Looking over the Plymouth sound

Student Guide to Plymouth

Why study in Plymouth?

Plymouth’s electronic music scene is on the rise, with new nightclubs opening and an increasing number of nationally-recognised DJs and producers finding their way onto the calendar of clubs like THÊ DEPØ. With that development of the scene, more students are heading to Plymouth to study music production degrees. Being in a city that has huge plans for growth as well as a developing nightlife, certainly has its benefits. Here we take a look at some of the best areas, event spaces, pubs and restaurants in the city.

Panoramic view of The depo night club


Before most of it was destroyed during the Second World War, Plymouth’s Stonehouse district was the nightlife centre of the city, with almost 100 pubs in the area! After years of neglect, the area is slowly recapturing its reputation for fun and creativity with the opening of THÊ DEPØ, Leadworks and plenty of other pubs, clubs and restaurants.

Interior of the Cosmic Kitchen
Photo Credit: Cosmic Kitchen


The Barbican area of Plymouth is, by far, its most recognisable. The area is the historical and cultural centre of the city and has the largest concentration of cobbled streets in Britain, with 100 listed buildings. Come here for excellent food, culture and a great night out.

Tinside Lido at sunset
Photo credit: Tinside Lido

The Hoe

The world-famous Plymouth Hoe is a huge open space facing the sea featuring wide green spaces, the commanding Smeaton’s Tower and the Tinside Lido. It’s a great place to visit and chill out when the sun comes out.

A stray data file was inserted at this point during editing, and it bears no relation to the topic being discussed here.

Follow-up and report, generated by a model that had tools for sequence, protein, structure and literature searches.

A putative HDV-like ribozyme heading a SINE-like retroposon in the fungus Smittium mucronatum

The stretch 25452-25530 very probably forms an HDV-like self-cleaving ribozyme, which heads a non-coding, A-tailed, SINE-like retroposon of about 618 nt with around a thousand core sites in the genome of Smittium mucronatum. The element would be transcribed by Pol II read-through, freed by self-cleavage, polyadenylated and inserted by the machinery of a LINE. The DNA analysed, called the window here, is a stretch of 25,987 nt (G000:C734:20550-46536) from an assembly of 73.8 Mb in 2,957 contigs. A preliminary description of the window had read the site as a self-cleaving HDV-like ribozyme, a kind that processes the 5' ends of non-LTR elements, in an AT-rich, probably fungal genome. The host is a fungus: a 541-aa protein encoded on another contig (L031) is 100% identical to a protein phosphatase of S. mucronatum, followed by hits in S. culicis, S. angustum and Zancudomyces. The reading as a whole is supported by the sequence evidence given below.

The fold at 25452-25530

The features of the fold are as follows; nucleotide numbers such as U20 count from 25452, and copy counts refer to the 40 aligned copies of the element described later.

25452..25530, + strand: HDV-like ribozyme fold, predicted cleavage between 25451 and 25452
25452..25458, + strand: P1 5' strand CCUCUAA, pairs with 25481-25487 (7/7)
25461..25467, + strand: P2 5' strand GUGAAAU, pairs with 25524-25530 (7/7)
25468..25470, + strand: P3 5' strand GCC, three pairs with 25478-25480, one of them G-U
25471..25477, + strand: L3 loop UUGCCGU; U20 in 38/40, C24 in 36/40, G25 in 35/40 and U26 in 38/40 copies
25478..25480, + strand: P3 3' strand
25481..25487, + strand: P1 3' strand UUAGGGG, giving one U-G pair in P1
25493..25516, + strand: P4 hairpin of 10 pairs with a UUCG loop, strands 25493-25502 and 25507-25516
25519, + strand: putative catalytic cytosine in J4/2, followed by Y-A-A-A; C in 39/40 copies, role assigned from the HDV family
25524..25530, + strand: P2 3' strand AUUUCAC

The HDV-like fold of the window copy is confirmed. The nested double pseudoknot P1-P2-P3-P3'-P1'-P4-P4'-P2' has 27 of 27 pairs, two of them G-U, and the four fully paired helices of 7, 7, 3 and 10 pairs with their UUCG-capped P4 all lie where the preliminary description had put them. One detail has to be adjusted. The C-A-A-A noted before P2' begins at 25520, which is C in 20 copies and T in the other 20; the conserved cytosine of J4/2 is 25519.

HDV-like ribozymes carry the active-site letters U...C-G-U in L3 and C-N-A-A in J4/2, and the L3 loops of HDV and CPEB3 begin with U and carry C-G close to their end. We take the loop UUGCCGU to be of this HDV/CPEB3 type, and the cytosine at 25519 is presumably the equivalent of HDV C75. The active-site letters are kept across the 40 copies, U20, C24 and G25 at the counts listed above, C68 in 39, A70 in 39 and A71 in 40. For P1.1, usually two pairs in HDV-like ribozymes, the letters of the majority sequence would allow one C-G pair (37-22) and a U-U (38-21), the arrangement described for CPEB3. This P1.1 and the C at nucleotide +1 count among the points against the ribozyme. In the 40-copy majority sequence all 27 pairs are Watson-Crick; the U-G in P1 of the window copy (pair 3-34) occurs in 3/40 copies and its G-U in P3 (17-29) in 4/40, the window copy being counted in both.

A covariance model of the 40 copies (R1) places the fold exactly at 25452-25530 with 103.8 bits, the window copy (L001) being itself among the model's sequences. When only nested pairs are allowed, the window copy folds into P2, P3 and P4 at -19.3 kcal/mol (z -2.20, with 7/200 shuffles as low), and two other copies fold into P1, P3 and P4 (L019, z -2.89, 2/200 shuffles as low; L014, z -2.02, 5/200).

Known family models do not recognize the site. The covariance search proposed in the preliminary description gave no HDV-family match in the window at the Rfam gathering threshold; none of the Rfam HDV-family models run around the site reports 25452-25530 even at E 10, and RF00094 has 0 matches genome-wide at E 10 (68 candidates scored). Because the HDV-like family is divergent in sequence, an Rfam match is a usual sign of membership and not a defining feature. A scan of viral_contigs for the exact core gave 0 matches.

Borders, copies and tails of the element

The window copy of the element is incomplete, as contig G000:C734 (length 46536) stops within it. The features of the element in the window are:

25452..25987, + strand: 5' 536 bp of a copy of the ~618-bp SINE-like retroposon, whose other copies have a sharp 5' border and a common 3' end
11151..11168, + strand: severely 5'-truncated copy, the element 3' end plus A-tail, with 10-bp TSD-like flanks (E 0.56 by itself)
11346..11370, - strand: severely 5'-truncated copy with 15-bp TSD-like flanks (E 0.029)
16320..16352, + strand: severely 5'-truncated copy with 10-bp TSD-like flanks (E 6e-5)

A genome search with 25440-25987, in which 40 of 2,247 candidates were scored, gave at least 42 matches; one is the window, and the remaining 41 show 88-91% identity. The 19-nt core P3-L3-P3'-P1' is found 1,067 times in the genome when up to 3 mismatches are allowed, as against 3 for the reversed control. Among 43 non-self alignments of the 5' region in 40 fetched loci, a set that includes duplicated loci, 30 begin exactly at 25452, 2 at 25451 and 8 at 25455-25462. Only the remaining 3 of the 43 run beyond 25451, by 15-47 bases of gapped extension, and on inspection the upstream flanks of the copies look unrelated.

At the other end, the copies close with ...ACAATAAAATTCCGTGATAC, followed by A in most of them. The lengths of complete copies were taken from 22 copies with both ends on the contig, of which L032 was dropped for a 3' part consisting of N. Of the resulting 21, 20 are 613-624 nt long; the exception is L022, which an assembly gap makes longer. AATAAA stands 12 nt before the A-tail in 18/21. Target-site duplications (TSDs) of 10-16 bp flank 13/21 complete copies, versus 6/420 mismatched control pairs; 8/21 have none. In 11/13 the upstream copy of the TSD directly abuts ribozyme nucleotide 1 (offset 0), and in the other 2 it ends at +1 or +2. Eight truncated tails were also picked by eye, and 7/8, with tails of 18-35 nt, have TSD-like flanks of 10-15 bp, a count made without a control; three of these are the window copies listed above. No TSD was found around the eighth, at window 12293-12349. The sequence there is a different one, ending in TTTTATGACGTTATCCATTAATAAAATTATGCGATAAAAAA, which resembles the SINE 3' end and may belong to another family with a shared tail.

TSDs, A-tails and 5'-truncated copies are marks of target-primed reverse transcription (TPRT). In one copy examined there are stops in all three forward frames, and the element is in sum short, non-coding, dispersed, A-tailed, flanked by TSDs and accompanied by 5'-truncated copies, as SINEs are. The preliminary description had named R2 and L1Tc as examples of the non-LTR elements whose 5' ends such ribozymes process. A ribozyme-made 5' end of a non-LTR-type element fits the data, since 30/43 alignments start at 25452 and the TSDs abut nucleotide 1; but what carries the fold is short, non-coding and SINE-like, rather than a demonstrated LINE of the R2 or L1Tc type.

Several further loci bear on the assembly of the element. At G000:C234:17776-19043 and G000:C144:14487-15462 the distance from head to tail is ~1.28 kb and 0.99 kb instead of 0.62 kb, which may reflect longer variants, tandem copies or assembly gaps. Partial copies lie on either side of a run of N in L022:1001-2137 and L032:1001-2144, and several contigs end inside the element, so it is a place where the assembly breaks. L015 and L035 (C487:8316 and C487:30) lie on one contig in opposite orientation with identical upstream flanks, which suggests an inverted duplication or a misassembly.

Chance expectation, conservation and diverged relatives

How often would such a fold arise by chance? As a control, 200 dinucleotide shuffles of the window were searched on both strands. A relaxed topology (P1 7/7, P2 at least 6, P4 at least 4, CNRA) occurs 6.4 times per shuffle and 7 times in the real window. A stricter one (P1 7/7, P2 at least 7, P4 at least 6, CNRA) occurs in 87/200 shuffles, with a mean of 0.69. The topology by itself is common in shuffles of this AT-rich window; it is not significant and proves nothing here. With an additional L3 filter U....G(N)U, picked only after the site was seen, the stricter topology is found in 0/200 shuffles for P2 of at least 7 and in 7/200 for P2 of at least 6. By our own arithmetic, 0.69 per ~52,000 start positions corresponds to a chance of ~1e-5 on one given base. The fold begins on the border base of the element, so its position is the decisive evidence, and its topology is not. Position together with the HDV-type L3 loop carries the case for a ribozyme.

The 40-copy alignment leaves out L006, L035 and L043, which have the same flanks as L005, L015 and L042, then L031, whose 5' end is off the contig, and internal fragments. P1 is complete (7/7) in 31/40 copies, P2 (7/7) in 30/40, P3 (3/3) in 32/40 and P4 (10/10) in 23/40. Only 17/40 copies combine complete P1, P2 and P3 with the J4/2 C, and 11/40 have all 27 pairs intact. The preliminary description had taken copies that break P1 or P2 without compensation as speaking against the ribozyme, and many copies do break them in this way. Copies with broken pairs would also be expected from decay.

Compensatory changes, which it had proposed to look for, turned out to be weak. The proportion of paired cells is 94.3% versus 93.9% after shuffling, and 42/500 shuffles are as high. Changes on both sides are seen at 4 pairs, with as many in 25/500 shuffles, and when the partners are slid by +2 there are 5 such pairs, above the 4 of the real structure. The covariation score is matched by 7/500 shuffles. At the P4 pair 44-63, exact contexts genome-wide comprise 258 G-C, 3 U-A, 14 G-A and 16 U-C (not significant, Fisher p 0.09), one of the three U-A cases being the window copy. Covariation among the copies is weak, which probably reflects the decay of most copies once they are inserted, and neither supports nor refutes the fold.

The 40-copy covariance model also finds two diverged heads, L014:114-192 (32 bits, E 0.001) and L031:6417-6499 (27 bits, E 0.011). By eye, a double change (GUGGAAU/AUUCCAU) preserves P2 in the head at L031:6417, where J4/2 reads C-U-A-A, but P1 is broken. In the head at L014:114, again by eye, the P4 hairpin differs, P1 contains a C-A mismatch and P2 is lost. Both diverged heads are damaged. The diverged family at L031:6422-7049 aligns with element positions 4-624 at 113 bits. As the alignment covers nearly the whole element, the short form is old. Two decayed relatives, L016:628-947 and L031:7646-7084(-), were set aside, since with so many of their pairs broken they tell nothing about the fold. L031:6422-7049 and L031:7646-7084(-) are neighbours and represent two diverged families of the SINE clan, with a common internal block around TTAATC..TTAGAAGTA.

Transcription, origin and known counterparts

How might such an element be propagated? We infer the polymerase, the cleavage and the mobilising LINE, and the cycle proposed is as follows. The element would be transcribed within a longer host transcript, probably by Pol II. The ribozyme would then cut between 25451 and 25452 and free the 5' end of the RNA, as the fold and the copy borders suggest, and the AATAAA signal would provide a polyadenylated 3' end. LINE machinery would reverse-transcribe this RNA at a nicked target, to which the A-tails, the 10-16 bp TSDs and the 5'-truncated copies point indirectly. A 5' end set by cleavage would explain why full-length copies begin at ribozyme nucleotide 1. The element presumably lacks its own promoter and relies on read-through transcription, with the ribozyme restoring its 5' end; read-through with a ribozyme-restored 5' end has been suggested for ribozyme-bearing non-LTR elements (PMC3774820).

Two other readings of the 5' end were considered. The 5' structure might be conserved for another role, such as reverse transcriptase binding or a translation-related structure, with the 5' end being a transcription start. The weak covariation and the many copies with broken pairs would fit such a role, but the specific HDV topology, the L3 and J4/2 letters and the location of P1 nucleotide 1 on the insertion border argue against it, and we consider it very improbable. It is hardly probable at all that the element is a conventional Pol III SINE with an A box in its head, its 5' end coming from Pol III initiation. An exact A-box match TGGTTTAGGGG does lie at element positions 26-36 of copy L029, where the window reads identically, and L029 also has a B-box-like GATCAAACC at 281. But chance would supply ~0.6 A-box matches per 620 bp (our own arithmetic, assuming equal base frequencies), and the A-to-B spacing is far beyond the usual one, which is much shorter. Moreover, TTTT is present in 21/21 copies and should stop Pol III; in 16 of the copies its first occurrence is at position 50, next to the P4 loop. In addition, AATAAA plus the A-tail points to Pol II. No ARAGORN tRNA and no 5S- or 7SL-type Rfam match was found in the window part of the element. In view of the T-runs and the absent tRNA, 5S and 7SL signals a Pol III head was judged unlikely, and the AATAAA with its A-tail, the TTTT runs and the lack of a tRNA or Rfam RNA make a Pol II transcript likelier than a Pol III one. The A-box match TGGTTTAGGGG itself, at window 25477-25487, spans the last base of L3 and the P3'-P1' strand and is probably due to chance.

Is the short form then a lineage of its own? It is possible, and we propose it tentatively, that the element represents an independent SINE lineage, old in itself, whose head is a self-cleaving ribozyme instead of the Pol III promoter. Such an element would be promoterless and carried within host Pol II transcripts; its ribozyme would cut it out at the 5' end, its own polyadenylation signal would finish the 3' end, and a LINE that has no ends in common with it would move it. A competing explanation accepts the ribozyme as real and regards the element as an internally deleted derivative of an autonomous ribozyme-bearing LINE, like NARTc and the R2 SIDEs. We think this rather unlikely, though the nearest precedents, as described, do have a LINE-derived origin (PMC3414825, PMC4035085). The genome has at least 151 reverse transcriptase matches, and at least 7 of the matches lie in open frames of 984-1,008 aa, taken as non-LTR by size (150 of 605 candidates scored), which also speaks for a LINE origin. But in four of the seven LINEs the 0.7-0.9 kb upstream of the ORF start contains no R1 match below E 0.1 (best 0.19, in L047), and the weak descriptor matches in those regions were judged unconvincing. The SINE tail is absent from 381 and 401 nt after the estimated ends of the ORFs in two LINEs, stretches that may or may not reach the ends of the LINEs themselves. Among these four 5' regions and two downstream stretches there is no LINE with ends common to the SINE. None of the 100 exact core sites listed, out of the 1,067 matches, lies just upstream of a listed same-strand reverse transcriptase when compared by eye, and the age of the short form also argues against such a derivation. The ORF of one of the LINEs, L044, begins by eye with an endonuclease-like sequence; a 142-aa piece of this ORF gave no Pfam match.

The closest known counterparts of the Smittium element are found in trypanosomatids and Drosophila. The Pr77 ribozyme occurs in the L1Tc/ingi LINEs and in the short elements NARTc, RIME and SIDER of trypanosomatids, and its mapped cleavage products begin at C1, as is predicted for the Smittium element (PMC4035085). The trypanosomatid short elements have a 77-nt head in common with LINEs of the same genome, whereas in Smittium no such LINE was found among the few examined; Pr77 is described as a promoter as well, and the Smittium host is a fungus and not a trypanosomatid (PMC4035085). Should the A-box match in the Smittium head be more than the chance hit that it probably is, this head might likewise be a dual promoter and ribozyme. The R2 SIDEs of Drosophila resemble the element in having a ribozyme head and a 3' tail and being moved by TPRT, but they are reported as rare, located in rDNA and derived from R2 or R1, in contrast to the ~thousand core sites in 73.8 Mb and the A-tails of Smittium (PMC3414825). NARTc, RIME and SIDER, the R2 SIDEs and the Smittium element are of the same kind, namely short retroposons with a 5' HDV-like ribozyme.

Thistle Park Tavern
Photo credit: Thistle Park Tavern

East End

The ‘East End’ of Plymouth is largely residential and industrial, but its home to some of the biggest attractions and pubs in the city, including PRYZM, a busy skatepark, cinemas and the city aquarium.

A group of students on a night out, outside the Nowhere Inn, Plymouth
Photo credit The Nowhere Inn

North Hill

Most people know North Hill for its park, which is definitely worth a visit, but the area east of the city centre also features some of the best cultural attractions, bars and gig venues in the city. In the summer, there’s an amazing open-air cinema to check out too!

Wide shot of the Theatre Royal Plymouth at night
Photo credit: Theatre Royal Plymouth

City Centre

Plymouth’s historic city centre is the epicentre of the city’s shopping district. But, as well as that, it is the area where some of Plymouth’s most important cultural institutions are located, like the famous Theatre Royale and Guildhall.

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